Dramatic news from Google on “Chinese cyber-attack”

If this is accurate, it is quite a story. A sophisticated, large-scale cyber-attack from within China is causing Google to overhaul its Chinese operations and possibly stop censoring the search results on google.cn. The story has everything – human rights, censorship, America’s leading brand, cybercrime, intrigue and an unprecedentedly open statement from Google.

You can read a good summary of the breaking story over here.

Google is releasing information about a “highly sophisticated and targeted attack” on their corporate infrastructure that occurred last month. The attack originated in China and resulted in the “theft of intellectual property from Google.” In light of the attack Google is making sweeping changes to its Chinese operations.

Google is releasing some information about these attacks to the public. The company says that a minimal amount of user information was compromised, but has come to the alarming conclusion that the attacks were targeting the information of Chinese human rights activists. Google found that these attacks were not just going after Google’s data, but were also targeting at least twenty other major companies spanning sectors including Internet, finance, chemicals, and more. Google has also discovered that phishing attacks have been used to compromise the Gmail accounts of Chinese human rights activists around the world.

In light of the attacks, and after attempts by the Chinese government to further restrict free speech on the web, Google has decided it will deploy a fully uncensored version of its search engine in China.

At first I didn’t believe it. Then I saw it from the horse’s mouth, Google’s own blog:

We launched Google.cn in January 2006 in the belief that the benefits of increased access to information for people in China and a more open Internet outweighed our discomfort in agreeing to censor some results. At the time we made clear that “we will carefully monitor conditions in China, including new laws and other restrictions on our services. If we determine that we are unable to achieve the objectives outlined we will not hesitate to reconsider our approach to China.”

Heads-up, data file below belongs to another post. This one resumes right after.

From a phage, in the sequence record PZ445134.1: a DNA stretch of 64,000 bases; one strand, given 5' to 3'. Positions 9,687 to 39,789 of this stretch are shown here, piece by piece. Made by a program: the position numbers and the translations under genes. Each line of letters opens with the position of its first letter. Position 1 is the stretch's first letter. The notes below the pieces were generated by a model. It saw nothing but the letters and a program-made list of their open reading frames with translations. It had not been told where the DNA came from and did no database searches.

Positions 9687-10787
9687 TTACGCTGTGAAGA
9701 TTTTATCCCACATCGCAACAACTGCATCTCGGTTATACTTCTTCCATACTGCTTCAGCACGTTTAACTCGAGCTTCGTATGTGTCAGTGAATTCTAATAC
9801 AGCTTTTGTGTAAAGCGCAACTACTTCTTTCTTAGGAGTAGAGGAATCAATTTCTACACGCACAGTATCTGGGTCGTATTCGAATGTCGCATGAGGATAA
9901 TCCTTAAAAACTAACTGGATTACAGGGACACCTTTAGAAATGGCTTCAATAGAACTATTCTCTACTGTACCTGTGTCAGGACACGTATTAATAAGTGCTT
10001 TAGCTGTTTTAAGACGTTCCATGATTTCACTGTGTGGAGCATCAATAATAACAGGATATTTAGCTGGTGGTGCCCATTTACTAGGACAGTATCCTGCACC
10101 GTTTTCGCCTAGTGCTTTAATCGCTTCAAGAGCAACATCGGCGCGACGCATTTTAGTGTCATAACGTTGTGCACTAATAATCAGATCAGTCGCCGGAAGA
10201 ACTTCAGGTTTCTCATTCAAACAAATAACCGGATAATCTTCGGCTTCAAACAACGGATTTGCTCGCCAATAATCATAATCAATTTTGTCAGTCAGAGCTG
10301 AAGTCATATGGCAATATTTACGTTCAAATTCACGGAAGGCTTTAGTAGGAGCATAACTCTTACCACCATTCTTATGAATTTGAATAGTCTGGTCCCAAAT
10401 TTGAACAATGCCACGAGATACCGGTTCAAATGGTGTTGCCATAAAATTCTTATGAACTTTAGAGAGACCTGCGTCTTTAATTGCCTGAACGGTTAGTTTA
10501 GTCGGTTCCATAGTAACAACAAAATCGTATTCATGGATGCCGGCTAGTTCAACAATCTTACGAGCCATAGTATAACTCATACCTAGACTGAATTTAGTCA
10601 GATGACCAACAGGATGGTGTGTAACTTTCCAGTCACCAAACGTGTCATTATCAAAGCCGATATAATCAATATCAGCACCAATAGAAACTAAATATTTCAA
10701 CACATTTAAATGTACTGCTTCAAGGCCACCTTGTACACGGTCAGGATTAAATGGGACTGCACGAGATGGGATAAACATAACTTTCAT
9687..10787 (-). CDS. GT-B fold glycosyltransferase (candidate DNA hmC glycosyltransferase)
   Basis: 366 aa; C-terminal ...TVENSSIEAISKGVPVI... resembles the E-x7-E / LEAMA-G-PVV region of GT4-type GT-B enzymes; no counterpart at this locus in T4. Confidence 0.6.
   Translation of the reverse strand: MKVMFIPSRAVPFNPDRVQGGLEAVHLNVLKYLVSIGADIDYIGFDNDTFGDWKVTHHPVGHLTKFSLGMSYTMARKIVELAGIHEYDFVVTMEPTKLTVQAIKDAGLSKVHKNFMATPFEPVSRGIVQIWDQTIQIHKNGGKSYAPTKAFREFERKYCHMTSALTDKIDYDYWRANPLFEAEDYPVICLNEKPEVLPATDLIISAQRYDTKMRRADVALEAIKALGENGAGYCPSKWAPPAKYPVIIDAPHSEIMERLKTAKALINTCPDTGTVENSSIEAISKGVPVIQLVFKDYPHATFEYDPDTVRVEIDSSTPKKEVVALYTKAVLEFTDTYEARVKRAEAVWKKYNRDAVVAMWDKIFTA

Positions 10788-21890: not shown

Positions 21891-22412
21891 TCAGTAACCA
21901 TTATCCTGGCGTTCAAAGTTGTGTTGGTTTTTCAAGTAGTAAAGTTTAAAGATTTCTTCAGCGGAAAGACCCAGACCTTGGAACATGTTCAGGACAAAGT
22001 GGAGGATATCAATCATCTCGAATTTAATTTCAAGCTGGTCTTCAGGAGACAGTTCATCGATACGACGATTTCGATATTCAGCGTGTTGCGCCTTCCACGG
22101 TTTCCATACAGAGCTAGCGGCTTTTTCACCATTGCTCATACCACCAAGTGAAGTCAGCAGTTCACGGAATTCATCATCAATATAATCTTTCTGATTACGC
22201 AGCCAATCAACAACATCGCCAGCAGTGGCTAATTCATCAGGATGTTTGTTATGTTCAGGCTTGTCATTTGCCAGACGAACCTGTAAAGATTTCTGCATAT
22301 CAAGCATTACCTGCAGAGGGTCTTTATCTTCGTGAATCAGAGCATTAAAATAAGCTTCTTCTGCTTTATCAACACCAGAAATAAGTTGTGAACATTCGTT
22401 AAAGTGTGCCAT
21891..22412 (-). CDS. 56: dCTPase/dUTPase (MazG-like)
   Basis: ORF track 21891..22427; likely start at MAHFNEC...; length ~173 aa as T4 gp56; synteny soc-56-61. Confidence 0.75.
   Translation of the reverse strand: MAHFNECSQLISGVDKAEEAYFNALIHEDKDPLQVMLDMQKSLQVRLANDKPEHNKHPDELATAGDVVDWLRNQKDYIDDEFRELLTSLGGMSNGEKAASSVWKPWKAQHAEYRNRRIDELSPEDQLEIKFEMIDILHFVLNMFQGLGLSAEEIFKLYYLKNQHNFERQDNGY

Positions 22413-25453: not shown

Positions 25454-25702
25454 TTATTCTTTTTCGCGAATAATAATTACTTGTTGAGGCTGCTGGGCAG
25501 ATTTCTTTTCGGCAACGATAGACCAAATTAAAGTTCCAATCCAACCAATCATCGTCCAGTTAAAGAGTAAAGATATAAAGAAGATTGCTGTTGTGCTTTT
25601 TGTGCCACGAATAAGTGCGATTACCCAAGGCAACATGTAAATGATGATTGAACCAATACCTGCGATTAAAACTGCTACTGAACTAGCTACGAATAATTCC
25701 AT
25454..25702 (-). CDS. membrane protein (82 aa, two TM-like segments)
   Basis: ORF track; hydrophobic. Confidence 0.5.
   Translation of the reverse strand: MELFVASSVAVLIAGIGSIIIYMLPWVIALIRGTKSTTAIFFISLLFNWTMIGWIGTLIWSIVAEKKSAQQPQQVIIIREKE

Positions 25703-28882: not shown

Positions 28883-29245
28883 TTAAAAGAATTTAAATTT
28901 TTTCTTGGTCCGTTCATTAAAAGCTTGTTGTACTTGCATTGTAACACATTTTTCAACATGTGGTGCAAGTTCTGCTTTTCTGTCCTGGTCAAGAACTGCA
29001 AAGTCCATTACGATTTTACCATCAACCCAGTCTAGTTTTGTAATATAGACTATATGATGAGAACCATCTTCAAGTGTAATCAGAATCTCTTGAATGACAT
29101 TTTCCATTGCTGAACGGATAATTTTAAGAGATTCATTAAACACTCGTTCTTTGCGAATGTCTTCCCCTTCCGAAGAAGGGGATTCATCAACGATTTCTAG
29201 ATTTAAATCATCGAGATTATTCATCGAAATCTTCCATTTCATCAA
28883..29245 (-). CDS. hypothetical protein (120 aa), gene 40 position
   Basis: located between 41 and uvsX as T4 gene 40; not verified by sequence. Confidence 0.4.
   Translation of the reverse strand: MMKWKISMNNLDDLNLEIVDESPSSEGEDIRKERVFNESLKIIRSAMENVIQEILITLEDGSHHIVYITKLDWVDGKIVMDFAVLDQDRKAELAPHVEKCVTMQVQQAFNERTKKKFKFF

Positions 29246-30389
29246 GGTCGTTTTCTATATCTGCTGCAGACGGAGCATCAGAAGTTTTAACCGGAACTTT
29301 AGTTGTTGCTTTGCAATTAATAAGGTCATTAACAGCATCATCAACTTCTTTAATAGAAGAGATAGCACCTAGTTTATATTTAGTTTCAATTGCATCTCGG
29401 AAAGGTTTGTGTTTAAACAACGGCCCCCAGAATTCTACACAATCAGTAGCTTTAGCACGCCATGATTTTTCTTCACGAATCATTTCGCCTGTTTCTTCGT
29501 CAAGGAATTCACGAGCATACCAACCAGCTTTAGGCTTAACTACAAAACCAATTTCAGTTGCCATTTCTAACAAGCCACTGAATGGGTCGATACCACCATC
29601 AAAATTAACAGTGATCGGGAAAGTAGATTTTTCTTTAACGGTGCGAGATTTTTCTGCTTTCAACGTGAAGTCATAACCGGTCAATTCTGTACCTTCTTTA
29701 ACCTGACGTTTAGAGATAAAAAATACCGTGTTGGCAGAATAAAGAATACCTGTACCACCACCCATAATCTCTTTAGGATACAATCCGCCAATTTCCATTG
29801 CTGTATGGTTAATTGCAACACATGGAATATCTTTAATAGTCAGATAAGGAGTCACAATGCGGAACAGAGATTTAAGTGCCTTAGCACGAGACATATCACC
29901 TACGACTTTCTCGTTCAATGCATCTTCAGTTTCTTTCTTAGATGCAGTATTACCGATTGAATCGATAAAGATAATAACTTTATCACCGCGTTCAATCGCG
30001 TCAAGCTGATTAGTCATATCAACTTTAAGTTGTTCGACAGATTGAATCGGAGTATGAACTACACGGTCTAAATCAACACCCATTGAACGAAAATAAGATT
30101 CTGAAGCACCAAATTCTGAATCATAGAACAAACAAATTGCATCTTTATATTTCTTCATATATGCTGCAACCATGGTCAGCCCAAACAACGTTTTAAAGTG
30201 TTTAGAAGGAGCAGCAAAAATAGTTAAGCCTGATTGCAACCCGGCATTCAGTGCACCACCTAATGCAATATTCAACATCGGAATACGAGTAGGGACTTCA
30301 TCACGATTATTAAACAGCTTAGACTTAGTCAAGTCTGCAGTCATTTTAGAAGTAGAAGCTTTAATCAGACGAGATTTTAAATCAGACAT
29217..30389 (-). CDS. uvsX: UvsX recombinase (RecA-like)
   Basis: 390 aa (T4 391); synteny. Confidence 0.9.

These attacks and the surveillance they have uncovered–combined with the attempts over the past year to further limit free speech on the web–have led us to conclude that we should review the feasibility of our business operations in China. We have decided we are no longer willing to continue censoring our results on Google.cn, and so over the next few weeks we will be discussing with the Chinese government the basis on which we could operate an unfiltered search engine within the law, if at all. We recognize that this may well mean having to shut down Google.cn, and potentially our offices in China.

The decision to review our business operations in China has been incredibly hard, and we know that it will have potentially far-reaching consequences. We want to make clear that this move was driven by our executives in the United States, without the knowledge or involvement of our employees in China who have worked incredibly hard to make Google.cn the success it is today. We are committed to working responsibly to resolve the very difficult issues raised.

This is kind of slapdash; I wasn’t supposed to be blogging today as I’m on deadline. But this story is totally unbelievable, off the charts.

Thanks to the reader who alerted me to this.

Update – From the NYT

Google threatened late Tuesday to pull out of its operations in China after it said it had uncovered a massive cyber attack on its computers that originated there….

Google said that a primary goal of the attackers was accessing the Gmail accounts of Chinese human right activists, but that the attack also targeted 20 other large companies in the finance, technology, media and chemical sectors.

In a blog posting by David Drummond, the corporate development and chief legal officer, Google said that it had found a “highly sophisticated and targeted attack on our corporate infrastructure originating from China.”

“These attacks and the surveillance they have uncovered — combined with the attempts over the past year to further limit free speech on the web — have led us to conclude that we should review the feasibility of our business operations in China,” Mr. Drummond wrote in a blog post.

He wrote that Google was no longer willing to censor results on its Chinese-language search engine and would discuss with Chinese authorities whether it could operate an uncensored search engine in that country.

“We recognize that this may well mean having to shut down Google.cn, and potentially our offices in China,” Mr. Drummond wrote, adding that the decision was being driven by executives in the United States, “without the knowledge or involvement of our employees in China.”